PHUKET: Perhaps it’s embarrassing, but I first got involved in diving because of the lure of the unknown treasures, which I “knew” were lying at my feet, just below the surface.
I wanted to discover statues, gold, porcelain, all those precious and valuable objects that were lost to humanity. However, a couple archaeological ethics classes and museum practicum courses managed to loot me of being so unconscionable when diving.
So now I find myself searching among the corals and sea walls for a different sort of elegant treasure – nudibranchs.
Discovering a blue dragon nudibranch or a blue ocean slug hidden among the corals is like finding a tiny gem (not all are so small), a living sapphire. All 3,000 species of these shell-less mollusks seem to have been created during a massive acid trip. Just look at their wild patterning, bright colors and ornate bodies and explain it another way. But no matter what brought them to their present form, such biological creativity has certainly made them jewels of the sea.
In addition to being tantalizingly beautiful, these creatures seem to have the perfect distribution in a reef; they are neither so common that divers begin to overlook them as “standard sights”, nor are they so rare that on the great majority of dives they can’t be uncovered.
It’s partly the searching, the discovery that draws divers to this clad (subspecies) of sea slug – it taps into many divers’ desire to be treasure hunters.
Though many of these carnivorous jelly-bodied creatures are accidentally overlooked during a dive, they are not an ignored spectacle by any means. Almost every Dive Master and Dive Instructor works nudibranchs into their dive briefing; it sounds something like this:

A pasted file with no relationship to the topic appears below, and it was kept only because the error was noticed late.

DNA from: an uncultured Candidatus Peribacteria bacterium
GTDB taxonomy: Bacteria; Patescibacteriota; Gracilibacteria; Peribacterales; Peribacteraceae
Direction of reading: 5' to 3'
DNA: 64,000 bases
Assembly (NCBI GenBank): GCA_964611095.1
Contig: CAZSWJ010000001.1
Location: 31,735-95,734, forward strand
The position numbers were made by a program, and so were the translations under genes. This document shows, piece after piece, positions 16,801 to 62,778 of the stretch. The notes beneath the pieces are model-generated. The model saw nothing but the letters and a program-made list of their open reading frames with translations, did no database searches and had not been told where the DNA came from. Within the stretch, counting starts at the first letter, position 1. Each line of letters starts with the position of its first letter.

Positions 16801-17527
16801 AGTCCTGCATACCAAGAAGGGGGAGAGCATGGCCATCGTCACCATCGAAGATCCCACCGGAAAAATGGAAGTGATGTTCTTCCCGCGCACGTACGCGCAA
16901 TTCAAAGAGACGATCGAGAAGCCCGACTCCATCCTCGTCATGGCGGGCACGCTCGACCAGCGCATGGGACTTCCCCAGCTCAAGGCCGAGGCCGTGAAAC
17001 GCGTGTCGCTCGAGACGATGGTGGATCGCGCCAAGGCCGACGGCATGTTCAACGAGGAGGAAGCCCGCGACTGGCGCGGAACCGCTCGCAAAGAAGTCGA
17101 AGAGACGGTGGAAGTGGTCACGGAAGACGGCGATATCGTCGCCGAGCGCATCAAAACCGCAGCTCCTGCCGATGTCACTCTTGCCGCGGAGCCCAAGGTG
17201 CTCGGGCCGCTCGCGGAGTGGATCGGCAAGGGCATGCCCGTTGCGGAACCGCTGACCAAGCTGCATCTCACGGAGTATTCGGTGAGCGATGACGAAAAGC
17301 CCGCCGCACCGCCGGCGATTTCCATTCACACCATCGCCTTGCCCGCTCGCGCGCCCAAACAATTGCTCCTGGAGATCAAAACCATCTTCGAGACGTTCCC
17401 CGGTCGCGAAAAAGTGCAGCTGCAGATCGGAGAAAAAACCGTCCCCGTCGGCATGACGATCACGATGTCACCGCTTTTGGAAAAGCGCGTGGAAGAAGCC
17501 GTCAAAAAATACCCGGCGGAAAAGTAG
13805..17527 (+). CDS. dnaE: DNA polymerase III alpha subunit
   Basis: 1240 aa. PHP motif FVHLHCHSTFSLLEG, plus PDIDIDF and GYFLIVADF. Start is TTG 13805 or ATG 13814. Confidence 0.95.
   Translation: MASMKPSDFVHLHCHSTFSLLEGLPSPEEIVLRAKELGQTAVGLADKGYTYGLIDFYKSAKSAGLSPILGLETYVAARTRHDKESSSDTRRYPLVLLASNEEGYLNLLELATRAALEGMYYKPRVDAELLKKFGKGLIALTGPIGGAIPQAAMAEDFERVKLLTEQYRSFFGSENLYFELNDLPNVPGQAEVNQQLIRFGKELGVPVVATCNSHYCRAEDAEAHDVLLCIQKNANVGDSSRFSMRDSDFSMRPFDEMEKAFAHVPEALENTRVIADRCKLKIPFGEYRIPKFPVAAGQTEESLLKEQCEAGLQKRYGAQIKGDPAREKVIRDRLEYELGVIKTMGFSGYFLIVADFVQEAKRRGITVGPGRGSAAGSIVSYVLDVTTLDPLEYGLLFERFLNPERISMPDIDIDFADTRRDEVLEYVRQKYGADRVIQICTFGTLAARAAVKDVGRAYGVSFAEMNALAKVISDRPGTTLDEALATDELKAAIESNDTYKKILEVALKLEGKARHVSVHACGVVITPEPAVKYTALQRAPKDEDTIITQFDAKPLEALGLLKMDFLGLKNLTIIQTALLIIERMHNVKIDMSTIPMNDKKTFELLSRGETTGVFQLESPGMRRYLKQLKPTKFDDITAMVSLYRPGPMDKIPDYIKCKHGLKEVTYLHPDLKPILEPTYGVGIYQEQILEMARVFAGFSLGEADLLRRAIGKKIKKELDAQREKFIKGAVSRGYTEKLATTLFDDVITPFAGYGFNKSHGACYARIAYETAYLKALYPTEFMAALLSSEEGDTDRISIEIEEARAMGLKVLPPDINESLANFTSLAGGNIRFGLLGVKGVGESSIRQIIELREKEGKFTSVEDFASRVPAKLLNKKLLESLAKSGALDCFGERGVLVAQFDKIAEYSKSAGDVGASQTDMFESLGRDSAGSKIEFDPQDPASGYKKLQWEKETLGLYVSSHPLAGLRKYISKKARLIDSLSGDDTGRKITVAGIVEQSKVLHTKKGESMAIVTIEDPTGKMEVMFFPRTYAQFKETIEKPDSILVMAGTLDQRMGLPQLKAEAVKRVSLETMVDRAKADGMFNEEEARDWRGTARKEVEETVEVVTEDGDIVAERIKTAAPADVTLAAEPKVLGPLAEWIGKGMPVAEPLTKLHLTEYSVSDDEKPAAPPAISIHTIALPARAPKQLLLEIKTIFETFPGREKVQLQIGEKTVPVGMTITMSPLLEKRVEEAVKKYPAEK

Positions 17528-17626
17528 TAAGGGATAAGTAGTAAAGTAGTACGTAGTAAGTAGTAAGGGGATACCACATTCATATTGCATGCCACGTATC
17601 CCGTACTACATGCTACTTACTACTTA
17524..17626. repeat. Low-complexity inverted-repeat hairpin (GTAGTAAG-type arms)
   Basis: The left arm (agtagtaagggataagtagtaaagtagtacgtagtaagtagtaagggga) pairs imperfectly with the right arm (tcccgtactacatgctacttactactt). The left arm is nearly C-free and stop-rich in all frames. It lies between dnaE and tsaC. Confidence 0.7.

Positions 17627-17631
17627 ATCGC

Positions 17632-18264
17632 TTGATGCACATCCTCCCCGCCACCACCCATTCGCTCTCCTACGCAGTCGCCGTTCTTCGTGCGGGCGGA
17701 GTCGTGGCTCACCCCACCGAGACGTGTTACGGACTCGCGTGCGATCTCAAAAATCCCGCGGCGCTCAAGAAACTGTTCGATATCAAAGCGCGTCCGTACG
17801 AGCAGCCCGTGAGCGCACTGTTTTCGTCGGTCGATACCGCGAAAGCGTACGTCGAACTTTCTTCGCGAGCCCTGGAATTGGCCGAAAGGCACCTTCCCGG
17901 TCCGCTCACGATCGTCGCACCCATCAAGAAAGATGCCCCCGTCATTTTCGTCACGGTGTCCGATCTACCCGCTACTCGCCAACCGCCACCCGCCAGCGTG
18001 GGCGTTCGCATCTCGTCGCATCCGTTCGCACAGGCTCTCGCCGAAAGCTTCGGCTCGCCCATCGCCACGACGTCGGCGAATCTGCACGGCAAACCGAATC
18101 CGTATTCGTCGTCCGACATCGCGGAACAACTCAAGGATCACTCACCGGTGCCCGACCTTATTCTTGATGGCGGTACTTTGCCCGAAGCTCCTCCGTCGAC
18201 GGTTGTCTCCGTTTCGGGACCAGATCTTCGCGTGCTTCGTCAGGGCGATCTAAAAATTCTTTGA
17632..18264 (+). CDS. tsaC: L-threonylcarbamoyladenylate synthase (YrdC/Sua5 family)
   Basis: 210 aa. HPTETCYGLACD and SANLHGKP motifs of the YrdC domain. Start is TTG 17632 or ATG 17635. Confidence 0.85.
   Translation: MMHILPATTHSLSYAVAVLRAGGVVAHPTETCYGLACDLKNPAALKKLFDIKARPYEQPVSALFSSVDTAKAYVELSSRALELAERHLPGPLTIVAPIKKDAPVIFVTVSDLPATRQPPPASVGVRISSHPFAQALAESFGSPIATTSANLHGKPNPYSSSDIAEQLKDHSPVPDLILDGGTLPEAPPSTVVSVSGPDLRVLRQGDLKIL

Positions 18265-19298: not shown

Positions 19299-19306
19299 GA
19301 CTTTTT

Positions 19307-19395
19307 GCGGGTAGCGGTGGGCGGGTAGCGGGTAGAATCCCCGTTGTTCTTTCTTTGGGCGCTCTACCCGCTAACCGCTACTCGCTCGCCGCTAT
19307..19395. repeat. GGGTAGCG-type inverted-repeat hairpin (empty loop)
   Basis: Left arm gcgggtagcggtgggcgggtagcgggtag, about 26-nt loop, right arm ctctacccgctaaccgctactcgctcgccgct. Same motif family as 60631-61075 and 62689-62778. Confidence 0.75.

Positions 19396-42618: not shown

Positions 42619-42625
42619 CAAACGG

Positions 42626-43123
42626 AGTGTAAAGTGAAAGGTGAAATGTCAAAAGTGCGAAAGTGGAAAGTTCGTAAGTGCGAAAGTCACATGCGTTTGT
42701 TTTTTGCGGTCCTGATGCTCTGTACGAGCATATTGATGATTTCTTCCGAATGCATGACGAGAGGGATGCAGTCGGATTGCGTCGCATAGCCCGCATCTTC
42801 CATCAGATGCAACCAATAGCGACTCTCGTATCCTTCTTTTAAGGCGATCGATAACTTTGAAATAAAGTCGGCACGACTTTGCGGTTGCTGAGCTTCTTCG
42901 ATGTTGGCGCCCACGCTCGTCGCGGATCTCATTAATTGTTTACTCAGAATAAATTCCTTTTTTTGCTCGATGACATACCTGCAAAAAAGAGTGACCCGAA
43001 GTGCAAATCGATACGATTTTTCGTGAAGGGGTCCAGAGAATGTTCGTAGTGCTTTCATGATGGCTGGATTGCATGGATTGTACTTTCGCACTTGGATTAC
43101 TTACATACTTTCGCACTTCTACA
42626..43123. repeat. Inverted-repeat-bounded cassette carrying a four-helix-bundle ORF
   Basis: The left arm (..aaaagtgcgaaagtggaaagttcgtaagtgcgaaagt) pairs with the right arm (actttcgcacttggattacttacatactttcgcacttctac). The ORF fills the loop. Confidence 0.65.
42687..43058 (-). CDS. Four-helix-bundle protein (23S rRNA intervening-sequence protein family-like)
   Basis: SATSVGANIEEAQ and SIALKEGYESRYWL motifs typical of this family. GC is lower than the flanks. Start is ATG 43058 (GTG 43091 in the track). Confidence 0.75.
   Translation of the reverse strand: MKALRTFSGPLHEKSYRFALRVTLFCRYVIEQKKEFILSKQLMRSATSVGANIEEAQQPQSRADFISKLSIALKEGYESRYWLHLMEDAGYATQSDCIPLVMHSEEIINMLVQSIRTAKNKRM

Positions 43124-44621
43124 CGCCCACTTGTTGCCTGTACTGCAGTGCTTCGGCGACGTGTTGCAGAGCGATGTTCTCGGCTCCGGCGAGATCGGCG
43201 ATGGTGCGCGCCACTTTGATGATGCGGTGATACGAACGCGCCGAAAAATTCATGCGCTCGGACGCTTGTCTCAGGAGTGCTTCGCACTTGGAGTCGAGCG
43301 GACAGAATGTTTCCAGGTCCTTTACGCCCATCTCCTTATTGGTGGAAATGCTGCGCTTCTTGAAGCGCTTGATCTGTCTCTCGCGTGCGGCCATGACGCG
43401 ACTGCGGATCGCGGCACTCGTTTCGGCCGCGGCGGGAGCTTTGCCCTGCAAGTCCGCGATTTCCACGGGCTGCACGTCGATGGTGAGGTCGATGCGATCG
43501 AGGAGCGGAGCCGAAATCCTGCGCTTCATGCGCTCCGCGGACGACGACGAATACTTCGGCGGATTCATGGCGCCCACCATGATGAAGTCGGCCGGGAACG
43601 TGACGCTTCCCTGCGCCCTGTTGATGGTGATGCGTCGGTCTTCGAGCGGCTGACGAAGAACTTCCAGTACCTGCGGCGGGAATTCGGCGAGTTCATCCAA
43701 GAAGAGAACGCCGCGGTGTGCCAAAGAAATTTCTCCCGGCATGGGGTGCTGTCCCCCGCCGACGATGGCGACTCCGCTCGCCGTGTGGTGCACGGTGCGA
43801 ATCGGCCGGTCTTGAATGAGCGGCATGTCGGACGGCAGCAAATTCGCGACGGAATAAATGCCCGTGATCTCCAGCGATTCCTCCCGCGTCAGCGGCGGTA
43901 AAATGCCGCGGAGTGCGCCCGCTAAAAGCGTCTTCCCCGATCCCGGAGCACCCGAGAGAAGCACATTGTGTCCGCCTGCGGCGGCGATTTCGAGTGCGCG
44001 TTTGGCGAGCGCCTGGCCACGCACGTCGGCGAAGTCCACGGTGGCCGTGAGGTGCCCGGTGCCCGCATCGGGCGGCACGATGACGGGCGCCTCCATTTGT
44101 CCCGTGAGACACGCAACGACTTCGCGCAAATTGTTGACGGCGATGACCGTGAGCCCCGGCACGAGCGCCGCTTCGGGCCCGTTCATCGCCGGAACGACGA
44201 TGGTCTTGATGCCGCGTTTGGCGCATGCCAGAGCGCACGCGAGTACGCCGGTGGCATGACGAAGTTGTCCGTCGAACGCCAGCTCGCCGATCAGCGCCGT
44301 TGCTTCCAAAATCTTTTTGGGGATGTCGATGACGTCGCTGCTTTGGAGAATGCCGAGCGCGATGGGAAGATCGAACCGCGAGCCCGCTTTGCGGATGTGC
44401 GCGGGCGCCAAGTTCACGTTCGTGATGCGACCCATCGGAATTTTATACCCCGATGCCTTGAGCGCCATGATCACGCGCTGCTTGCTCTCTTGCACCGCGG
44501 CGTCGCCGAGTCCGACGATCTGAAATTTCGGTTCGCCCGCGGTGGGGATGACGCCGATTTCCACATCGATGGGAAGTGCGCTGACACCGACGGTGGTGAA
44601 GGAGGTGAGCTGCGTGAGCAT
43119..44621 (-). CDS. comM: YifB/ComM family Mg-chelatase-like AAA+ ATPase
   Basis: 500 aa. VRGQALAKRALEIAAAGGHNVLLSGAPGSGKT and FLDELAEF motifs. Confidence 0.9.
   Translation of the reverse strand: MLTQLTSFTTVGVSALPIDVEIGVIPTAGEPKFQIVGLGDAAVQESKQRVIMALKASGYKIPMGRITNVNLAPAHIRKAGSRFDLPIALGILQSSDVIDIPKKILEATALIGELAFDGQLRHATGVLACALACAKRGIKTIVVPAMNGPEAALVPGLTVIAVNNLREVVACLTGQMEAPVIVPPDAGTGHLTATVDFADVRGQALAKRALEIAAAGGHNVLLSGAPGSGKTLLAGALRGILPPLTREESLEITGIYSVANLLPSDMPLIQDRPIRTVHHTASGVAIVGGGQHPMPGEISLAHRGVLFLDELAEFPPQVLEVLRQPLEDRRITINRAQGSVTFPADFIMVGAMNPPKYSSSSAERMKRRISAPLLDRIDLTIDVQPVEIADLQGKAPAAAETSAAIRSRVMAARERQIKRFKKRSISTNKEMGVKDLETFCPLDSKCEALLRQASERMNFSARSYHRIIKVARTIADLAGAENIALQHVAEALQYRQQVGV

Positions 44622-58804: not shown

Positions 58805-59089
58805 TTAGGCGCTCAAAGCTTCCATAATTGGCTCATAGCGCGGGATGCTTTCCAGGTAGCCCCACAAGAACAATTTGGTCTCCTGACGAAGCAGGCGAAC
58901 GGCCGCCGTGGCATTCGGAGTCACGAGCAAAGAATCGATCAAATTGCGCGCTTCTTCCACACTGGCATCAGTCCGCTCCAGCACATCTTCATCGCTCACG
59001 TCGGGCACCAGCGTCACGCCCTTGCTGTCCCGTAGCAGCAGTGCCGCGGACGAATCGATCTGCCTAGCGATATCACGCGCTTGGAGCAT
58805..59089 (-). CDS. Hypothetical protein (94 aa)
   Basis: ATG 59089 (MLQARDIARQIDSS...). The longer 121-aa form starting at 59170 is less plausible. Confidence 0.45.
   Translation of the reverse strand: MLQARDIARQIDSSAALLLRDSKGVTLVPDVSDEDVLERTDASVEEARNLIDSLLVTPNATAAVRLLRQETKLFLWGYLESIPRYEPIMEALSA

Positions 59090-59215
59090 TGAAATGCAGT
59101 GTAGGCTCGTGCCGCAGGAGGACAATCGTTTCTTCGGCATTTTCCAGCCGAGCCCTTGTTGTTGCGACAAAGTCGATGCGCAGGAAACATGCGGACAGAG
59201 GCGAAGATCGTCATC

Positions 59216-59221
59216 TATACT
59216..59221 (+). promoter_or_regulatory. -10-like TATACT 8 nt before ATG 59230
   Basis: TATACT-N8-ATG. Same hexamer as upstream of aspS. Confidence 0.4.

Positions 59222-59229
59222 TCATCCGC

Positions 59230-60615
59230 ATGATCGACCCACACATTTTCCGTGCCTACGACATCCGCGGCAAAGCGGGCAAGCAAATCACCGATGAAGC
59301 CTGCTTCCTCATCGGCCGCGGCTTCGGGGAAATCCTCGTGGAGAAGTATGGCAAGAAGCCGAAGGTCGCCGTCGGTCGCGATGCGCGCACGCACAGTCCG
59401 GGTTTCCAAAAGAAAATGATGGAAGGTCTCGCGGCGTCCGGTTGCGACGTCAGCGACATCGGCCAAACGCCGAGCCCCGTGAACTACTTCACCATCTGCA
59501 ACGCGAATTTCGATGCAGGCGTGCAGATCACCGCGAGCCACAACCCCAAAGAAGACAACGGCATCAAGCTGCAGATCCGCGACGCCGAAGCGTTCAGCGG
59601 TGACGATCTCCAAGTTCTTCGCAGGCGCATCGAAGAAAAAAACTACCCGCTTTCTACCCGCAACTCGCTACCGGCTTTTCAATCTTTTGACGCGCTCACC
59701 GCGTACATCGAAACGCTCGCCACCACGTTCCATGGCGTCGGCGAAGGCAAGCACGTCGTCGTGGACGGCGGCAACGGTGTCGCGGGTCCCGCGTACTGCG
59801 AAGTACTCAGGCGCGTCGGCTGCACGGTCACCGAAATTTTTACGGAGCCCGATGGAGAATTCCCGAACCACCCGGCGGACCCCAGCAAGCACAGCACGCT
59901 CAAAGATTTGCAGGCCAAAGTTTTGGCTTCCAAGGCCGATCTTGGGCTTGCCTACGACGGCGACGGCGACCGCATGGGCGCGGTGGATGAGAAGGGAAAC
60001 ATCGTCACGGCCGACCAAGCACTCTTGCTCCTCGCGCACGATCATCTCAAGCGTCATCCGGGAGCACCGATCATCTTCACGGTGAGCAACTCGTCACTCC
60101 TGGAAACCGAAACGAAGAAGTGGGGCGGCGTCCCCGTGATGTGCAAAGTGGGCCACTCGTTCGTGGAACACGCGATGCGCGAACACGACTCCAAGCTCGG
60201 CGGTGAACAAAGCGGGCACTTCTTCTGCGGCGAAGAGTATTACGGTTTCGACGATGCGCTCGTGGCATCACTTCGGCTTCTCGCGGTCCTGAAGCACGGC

“Hopefully we’ll see at least one leopard shark [substitute manta ray, whale shark, turtle or large napoleon wrasse], but there are no guarantees. So, we’ll keep our eyes peeled, but let’s stay close to the bottom [or wall] and see if we can’t uncover a couple of interesting nudibranchs.”
The beauty about diving at the end of the season (which admittedly has already arrived and passed) is that by this time most dive professionals have their act down pat, which produces great dives and usually includes them swimming by several nice coral heads that have been identified as “nudibranch prone”.
However, being shown a nudibranch is not the same as discovering one. The experience is parallel to seeing a piece of blue and white Ming Dynasty porcelain in a museum, when compared to diving in the Gulf of Thailand and uncovering one yourself, perhaps I exaggerate.
The exotic nature of these creatures is intimately connected with their name, which is derived from the Latin word nudus (naked) and the Greek word brankhia (gills). Though their brightly colored bodies are a draw, it is their “naked gills” which take on a
variety of flamboyantly feathery and horned shapes that make them almost extraterrestrial.
With 3,000 known species already identified, and more being identified regularly in warm, shallow tropical waters (sound like familiar diving conditions to you?) it is impossible to stem the desire to search for them… because what if you were the next person to uncover a new species – right here in Phuket’s Andaman Sea?
If you have general questions about scuba diving or freediving in the Greater Phuket region, you can contact me at anytime at Isaac@Phuketgazette.net.
This story was originally published in the May 19-25, 2012 hardcopy issue of the Phuket Gazette.
— Isaac Stone Simonelli
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